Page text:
Waste-to-value processes, Fig. 2, enhance your mill's profitability by recycling the mill waste products. Each mill situation is slightly unique. Therefore, the Andritz approach is to design a solution based on the mill's specific goals and requirements. There is no standard solution, but there are standard modules that can be combined with some customized solutions. The basis is an analysis of the available waste streams - amount of valuable waste compounds and heating values of the potential fuels - the existing equipment at the mill, and the desired final result.

Let's take a closer look at the individual process steps:

Rejects handling:With few exceptions, practically all recycled paper rejects can be used as a fuel source. What Andritz does is to separate out contaminants that cannot be readily converted into energy - part of them, however, can be recycled as valuable goods. An early step is to remove coarse, iron-containing metals using a powerful magnet. With a ballistic separator, Fig. 3, bulky material is removed from the reject stream: unwanted debris like stones, bricks, and other heavy items as well as valuable compounds, such as plastic bottles or cans.

After mechanical dewatering, the rejects are reduced in size and made more homogeneous in a shredder, Fig. 4, before further components, such as non-ferrous metals or PVC, are sorted out. The metals removed can be sold as scrap to the metals industry. After this, the material may have to be dried before being combusted or pyrolyzed.

Sludge handling:After pre-thickening by gravity, fibrous sludge is dewatered on mechanical presses applying very high pressures. Sludge from biological water treatment is somewhat more difficult to dewater mechanically. This is why flexible belt presses are typically applied for this purpose. Andritz technologies for sludge dewatering include screw and belt presses, gravity tables, thickening drums, Fig. 5, and other dewatering devices.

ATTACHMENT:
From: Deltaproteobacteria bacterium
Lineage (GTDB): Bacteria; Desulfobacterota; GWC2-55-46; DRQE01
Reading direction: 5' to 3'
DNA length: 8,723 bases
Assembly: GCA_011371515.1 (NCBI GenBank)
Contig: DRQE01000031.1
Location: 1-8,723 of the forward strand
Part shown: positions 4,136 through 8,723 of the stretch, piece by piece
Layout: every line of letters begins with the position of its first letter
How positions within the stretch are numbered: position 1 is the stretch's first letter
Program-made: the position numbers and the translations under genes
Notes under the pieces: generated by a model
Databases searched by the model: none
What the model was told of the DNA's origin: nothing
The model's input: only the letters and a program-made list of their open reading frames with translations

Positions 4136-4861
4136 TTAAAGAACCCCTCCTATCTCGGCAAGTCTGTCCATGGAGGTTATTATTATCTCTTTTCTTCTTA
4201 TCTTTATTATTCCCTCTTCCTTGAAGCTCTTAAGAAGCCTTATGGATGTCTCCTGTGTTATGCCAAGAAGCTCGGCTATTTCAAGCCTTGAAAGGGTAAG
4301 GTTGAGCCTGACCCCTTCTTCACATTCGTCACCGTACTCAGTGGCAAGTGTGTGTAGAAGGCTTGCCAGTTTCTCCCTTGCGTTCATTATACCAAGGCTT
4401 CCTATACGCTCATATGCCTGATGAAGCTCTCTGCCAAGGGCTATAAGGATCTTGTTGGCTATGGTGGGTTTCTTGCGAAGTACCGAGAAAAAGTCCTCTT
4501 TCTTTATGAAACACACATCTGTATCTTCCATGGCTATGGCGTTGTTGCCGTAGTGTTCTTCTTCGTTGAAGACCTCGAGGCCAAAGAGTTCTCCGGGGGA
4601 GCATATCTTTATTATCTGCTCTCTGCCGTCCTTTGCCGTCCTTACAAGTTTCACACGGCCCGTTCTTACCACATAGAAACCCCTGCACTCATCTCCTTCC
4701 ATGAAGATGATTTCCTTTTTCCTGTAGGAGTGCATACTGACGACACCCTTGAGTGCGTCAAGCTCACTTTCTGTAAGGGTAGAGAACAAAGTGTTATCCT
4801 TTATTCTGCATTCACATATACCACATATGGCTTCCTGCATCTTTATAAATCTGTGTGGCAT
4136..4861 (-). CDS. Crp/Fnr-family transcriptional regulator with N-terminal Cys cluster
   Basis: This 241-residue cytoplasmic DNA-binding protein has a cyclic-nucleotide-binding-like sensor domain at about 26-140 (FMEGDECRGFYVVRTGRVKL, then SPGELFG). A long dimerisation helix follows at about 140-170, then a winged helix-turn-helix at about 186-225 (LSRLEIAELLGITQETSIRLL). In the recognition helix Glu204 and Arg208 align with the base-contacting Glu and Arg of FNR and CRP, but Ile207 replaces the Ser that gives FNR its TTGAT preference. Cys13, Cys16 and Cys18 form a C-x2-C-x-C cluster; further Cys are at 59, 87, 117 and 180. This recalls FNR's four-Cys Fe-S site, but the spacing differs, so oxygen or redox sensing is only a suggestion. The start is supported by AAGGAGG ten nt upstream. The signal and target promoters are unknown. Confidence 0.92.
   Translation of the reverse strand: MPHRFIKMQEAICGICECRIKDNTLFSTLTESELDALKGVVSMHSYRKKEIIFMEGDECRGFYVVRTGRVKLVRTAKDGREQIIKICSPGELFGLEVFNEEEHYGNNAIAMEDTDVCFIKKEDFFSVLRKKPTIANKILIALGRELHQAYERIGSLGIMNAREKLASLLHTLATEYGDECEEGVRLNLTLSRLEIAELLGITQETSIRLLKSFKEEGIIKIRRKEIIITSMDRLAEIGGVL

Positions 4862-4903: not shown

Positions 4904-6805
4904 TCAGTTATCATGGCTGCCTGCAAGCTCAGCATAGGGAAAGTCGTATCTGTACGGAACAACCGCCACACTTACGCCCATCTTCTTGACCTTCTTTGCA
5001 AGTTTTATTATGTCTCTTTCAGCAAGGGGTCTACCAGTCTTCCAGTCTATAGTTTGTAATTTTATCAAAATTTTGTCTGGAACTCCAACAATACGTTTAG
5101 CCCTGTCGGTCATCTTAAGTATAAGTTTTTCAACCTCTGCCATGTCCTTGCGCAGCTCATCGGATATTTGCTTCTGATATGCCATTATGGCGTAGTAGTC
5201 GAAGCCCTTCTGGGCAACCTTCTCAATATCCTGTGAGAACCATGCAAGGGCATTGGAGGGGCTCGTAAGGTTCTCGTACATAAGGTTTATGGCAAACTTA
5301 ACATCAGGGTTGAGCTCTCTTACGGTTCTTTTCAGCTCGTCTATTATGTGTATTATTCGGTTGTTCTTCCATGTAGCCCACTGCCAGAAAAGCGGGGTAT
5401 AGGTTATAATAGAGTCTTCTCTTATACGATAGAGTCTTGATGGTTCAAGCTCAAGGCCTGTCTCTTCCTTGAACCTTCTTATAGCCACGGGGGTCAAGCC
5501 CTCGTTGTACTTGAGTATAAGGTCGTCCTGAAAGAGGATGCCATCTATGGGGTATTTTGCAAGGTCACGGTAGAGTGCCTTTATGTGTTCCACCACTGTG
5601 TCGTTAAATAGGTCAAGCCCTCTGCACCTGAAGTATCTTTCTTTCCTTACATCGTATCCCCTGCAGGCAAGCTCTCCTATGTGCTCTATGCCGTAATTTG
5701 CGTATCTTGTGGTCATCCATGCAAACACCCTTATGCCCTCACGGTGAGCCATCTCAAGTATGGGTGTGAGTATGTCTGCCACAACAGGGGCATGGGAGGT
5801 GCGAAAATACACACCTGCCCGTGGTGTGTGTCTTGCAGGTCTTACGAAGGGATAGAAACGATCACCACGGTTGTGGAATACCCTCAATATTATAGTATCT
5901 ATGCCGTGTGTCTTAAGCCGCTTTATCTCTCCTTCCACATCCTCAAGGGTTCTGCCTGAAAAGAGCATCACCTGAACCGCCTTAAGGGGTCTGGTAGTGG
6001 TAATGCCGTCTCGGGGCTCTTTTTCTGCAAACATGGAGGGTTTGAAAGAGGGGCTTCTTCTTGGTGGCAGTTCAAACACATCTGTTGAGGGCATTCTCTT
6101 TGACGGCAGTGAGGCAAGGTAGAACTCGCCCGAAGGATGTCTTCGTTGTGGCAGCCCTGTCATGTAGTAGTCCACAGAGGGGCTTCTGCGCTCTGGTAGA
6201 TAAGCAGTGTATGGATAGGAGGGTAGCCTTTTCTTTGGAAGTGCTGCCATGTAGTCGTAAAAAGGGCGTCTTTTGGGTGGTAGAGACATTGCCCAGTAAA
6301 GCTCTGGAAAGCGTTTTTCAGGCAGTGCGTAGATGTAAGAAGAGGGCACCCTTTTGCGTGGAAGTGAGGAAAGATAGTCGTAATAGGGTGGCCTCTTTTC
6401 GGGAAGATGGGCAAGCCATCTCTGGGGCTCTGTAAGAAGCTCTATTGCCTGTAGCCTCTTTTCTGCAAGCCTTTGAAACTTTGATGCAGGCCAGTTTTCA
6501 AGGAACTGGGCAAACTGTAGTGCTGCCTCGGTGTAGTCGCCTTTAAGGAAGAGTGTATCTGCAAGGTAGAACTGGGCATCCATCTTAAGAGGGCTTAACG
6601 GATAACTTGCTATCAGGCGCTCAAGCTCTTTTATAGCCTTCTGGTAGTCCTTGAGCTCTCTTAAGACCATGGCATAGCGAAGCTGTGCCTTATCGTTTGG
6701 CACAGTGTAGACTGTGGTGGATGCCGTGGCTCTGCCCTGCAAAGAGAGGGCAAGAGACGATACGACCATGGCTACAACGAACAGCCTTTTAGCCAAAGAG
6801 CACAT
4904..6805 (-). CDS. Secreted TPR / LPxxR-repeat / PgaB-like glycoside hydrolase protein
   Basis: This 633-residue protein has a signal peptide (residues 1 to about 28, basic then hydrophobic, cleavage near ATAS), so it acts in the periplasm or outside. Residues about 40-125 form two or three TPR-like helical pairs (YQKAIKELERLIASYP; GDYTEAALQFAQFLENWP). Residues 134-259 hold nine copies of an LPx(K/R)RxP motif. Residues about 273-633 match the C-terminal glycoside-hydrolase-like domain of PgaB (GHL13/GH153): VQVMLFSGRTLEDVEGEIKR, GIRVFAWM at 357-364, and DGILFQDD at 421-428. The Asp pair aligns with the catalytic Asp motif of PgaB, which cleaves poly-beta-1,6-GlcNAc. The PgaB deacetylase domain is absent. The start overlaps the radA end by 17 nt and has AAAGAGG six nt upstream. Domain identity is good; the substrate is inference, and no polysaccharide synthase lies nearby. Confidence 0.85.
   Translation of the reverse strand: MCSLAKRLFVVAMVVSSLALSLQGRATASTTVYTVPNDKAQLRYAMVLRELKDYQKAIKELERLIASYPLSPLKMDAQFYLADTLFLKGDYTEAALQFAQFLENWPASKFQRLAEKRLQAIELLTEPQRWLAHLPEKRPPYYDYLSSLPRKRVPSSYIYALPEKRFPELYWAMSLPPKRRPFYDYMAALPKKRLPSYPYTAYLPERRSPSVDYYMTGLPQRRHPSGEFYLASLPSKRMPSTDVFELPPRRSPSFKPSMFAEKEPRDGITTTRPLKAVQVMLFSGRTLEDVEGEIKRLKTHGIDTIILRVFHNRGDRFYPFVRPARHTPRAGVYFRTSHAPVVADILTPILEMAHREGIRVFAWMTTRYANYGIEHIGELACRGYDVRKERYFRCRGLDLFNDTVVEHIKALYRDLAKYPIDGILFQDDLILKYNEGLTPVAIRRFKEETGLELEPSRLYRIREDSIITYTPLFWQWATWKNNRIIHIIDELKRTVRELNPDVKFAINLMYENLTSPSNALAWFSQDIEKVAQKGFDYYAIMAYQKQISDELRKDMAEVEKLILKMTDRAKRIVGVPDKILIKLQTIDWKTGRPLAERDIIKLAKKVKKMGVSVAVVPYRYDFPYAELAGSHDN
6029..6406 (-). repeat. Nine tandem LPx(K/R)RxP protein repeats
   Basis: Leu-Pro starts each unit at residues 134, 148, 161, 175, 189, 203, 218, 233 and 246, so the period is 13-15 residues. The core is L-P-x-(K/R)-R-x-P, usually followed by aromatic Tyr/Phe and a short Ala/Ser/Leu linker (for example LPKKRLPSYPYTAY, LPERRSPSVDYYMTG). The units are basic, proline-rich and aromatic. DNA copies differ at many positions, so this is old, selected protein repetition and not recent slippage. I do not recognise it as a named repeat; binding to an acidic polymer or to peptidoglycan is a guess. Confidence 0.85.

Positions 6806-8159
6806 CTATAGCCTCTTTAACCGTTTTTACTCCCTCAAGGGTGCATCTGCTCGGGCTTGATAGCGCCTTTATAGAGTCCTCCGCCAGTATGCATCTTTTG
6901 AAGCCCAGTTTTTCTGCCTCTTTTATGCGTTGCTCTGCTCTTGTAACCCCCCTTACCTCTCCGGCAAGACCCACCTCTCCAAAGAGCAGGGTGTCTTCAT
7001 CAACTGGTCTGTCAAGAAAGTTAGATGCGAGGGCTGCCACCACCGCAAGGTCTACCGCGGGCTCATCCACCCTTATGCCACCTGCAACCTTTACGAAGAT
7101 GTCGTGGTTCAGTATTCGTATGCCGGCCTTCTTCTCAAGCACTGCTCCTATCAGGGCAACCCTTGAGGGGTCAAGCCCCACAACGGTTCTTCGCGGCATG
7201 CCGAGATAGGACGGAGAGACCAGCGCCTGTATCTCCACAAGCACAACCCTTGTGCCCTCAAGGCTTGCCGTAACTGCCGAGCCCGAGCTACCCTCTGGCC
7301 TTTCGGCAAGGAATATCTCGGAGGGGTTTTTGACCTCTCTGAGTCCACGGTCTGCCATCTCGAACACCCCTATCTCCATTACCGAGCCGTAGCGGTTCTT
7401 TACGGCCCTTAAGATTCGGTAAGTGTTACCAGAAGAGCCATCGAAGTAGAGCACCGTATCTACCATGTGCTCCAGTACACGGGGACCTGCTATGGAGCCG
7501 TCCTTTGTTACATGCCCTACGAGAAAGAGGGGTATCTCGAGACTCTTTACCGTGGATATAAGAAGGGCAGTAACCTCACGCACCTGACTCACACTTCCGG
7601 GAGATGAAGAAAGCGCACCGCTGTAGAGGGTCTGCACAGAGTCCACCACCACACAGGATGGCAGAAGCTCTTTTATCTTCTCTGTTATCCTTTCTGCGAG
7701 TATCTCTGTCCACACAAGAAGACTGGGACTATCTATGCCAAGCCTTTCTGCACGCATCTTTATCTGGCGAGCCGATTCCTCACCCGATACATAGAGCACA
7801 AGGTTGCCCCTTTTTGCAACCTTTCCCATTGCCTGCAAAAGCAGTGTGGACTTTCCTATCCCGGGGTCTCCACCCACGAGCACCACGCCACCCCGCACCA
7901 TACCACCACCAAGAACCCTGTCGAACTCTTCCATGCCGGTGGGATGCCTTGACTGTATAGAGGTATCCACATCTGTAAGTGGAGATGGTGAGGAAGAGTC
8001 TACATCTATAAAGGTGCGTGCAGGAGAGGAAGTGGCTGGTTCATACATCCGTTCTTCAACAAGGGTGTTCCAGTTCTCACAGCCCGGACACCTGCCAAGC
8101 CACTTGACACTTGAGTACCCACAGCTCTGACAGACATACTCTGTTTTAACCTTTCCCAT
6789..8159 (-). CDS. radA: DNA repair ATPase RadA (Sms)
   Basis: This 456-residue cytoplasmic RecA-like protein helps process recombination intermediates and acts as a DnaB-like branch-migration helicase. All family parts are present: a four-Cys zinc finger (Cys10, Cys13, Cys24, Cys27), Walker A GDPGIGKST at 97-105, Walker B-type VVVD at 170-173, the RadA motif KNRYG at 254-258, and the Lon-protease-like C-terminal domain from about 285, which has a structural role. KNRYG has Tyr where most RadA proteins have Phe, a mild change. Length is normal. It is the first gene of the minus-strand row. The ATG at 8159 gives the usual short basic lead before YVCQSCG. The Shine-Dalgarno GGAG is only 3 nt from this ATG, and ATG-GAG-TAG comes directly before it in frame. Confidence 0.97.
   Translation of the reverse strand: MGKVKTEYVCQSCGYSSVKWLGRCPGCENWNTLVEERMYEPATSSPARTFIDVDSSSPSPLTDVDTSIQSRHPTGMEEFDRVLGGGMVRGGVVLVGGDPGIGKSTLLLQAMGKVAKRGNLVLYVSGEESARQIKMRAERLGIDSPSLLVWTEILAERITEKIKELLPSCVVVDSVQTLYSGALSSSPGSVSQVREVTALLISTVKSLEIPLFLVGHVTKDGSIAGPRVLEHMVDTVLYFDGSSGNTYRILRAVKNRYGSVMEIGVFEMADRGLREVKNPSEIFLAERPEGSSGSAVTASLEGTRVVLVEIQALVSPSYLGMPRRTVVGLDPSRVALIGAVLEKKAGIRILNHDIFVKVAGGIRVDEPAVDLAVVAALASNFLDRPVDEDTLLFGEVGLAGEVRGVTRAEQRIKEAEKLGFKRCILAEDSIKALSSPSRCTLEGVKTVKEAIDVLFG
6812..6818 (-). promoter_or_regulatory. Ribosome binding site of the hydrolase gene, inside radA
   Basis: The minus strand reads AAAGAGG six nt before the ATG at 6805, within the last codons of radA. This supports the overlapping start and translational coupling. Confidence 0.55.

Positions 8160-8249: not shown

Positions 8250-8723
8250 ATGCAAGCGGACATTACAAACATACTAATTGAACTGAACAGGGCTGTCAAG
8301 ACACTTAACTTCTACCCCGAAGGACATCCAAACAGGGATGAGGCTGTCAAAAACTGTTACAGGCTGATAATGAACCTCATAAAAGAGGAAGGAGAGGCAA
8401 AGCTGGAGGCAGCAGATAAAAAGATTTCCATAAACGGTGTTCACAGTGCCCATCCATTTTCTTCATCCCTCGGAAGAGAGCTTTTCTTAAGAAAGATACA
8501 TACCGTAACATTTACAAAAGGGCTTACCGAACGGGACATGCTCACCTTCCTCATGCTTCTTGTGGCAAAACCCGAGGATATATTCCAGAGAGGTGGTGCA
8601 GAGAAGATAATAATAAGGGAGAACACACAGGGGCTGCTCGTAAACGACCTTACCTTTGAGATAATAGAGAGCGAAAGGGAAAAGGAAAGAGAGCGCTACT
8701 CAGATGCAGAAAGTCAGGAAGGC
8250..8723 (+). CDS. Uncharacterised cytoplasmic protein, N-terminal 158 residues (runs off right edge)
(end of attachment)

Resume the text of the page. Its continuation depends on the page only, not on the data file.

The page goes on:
Drying:Thermal drying is required to remove more moisture from pre-dewatered sludges. Quite often, belt dryer technology is used for rejects and sludge materials, and also for woody biomass. By drying in a "closed system", the heat in the drying air can be recovered and utilized - reducing overall energy consumption.

Pelleting:Due to their dense form and low moisture content, pellets are very efficient to transport and store. Pelleting is therefore an excellent technique for preparing the waste fuel. The waste is pretreated and fed at a higher temperature into an Andritz pelleting machine. The machine extrudes the material through a perforated die to form pellets of uniform diameter. The pellets are cooled and conditioned to prevent them from sticking together. While wood pellets can be used in household heating systems, the pellets made from rejects and sludge materials need official permission for waste combustion.

Pyrolysis and combustion:Andritz offers innovative pyrolysis technology for full recycling of plastic rejects and laminates (plastic-aluminum compounds). The basic technical principle of pyrolysis is a chemical process, a technology for high-temperature heating of organic material in the absence of oxygen. For combustion, the company provides proven power boiler technologies - well suited for biomass and alternative fuels - with high combustion efficiency. With both pyrolysis and combustion processes, complex waste products can be converted back into resources, thus making substantial contributions towards protecting the environment.

Trash To Treasure

There is an old saying that "one man's trash is another man's treasure". Just as craftspeople turn old metal and textile scraps into works of art, Andritz technology is turning once-disposed-of waste materials into valuable energy sources and products. Perhaps the outcome is not as beautiful as a work of art, but it is important as a cost-saving and environmentally sound solution. So, don't waste your waste!

 

Michael Waupotitsch is VP sludge, reject and recycling; Regina Puschnig is marketing manager, Pulping and Fiber Division, Andritz, Austria.